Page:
THE federal government is laying the groundwork for a future cut in the $1000 GST-free threshold for goods bought from overseas online stores.

Assistant Treasurer David Bradbury said on Monday that the $1000 threshold was ''very high'' compared with overseas, and the government would start preparing ''business cases'' for changing the tax rules governing low-value goods purchased from overseas.

Although it has ruled out cutting the threshold immediately and no final decision on the matter has been made, the government will commence a series of processes that would allow it to change the threshold. For instance, it will consider legal changes to encourage foreign companies to collect GST from Australians, and will kick off negotiations with the states on the contentious issue.

It expects more detailed information on the matter, which would inform its final decision on the threshold, late next year.

Mr Bradbury said domestic retailers should not be unfairly disadvantaged by the $1000 threshold, even if it was not the main reason many Australians shopped at overseas online stores. ''We are rejecting calls for an immediate reduction in the threshold but we do accept that there is a strong case in the interests of fairness and competitive tax neutrality that this issue be dealt with,'' he said.

In hindsight, Mr Bradbury said the Howard government's decision to set the threshold at $1000 in 2005 was the ''wrong call'', and had left Australia with one of the highest thresholds in the world.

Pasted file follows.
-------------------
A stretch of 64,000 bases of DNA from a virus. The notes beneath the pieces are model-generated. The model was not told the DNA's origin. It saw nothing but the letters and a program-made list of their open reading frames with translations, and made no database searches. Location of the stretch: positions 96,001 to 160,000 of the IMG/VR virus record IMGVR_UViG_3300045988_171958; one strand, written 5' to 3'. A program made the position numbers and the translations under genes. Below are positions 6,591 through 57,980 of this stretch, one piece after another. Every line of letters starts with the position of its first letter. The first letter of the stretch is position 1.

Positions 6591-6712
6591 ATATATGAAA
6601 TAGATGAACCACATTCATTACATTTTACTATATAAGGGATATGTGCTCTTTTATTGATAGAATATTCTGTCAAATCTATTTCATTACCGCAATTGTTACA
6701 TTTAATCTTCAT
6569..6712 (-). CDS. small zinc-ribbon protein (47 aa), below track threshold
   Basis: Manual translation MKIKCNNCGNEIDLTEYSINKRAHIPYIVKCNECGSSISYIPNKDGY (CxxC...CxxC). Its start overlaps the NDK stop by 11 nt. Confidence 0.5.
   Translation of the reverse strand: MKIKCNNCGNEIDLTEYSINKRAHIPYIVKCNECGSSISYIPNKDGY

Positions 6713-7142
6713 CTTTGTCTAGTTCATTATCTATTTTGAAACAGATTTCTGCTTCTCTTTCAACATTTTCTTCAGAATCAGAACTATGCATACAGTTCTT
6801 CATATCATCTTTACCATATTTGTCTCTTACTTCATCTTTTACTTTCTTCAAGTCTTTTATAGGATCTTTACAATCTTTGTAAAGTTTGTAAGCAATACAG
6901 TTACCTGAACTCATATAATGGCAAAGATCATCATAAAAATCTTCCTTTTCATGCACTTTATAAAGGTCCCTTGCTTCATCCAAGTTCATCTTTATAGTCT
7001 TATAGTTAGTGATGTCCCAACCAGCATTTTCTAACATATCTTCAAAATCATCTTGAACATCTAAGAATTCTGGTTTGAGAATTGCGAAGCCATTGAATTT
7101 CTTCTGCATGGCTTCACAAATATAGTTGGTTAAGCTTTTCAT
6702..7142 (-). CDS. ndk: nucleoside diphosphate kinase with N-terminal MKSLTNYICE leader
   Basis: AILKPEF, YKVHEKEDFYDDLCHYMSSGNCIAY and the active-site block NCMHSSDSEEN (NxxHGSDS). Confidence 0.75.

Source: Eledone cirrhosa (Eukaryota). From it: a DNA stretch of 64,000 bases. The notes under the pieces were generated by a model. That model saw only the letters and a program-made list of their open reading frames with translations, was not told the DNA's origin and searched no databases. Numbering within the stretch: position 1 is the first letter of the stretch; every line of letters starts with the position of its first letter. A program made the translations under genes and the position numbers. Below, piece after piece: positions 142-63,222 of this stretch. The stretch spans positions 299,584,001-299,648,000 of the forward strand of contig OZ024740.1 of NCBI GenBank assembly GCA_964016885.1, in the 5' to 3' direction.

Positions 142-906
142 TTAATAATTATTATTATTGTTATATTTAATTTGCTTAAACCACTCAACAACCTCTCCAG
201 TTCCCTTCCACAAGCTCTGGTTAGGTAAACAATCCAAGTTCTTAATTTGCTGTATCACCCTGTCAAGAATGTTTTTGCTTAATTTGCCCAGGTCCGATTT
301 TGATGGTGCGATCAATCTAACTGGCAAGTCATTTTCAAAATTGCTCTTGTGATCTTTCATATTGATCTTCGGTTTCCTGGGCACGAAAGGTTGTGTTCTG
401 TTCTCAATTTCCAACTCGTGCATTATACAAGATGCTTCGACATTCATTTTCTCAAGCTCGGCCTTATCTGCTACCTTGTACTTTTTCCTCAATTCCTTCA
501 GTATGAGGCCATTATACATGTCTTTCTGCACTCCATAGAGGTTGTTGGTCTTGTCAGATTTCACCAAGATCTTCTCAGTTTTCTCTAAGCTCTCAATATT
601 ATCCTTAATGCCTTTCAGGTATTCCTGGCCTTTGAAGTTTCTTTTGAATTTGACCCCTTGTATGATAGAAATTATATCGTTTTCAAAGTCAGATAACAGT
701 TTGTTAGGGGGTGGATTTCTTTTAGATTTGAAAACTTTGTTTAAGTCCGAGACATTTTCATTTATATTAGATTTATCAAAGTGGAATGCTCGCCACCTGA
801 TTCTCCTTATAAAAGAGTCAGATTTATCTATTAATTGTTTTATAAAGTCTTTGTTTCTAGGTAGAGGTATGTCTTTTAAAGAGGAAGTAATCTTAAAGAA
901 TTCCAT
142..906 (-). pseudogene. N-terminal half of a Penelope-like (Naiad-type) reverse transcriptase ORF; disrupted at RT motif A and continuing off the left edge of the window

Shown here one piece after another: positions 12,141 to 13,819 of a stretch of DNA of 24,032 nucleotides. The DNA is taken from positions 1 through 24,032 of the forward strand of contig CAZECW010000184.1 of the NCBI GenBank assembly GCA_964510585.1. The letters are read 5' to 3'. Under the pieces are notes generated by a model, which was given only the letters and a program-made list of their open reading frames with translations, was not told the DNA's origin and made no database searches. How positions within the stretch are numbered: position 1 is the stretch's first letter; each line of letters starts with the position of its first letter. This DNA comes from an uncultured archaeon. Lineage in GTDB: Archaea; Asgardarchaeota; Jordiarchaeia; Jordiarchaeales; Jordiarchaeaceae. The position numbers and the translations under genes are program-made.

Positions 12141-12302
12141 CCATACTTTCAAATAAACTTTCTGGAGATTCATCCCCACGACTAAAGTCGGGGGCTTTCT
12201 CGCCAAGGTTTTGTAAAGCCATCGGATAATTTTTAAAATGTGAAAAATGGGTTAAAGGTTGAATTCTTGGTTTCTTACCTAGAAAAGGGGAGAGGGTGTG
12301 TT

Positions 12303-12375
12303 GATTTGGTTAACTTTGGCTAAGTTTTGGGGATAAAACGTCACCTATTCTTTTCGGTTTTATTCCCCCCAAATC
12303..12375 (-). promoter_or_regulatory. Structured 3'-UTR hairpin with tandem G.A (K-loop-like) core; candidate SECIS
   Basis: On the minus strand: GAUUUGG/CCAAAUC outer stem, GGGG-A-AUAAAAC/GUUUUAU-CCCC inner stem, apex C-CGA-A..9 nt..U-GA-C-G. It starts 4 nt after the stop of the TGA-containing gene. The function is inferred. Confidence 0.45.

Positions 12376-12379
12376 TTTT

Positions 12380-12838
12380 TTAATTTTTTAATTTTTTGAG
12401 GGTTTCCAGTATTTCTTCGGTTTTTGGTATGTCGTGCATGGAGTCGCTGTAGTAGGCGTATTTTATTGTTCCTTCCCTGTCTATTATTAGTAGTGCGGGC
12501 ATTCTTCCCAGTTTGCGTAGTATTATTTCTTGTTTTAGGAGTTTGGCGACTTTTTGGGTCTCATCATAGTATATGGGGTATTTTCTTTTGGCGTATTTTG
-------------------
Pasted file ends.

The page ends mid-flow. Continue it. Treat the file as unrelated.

Although domestic companies are disadvantaged by the rule, Australia Post and Customs lack the capacity to lower the threshold immediately without causing major headaches for the delivery of parcels.

Mr Bradbury said that lowering the threshold to $500 would require 1.23 million parcels to be processed every year, up from 20,000 now. Without reform of parcel processing there could be ''chaos at our borders'' if the threshold were suddenly dropped, he said.

Mr Bradbury made the comments as he unveiled the government's interim response to a Treasury taskforce that has examined the long-held gripe of retailers.

A review by the Productivity Commission last year gave support in principle for cutting the threshold, but found doing so would cost more to administer than it would raise in revenue.

Treasury has since taken a closer look at how to cut the cost of processing millions of incoming parcels, and recommended a number of changes that could allow the government to lower the threshold in the future.

In its interim response, the government accepted most recommendations and outlined various steps it would take before providing a final response next year.

It will start talks with the states about putting in extra funding for the extra cost of processing incoming parcels, and will consider calls that it change the laws to enable overseas firms to collect the GST from Australian customers.

The government will also introduce legislation separating the threshold for customs duty from that for GST, which would allow the threshold for GST to be lowered later if needed.

States receive all the $50 billion a year raised by the GST - but growth in tax collections has stalled in recent years, prompting state premiers to demand the threshold be lowered.

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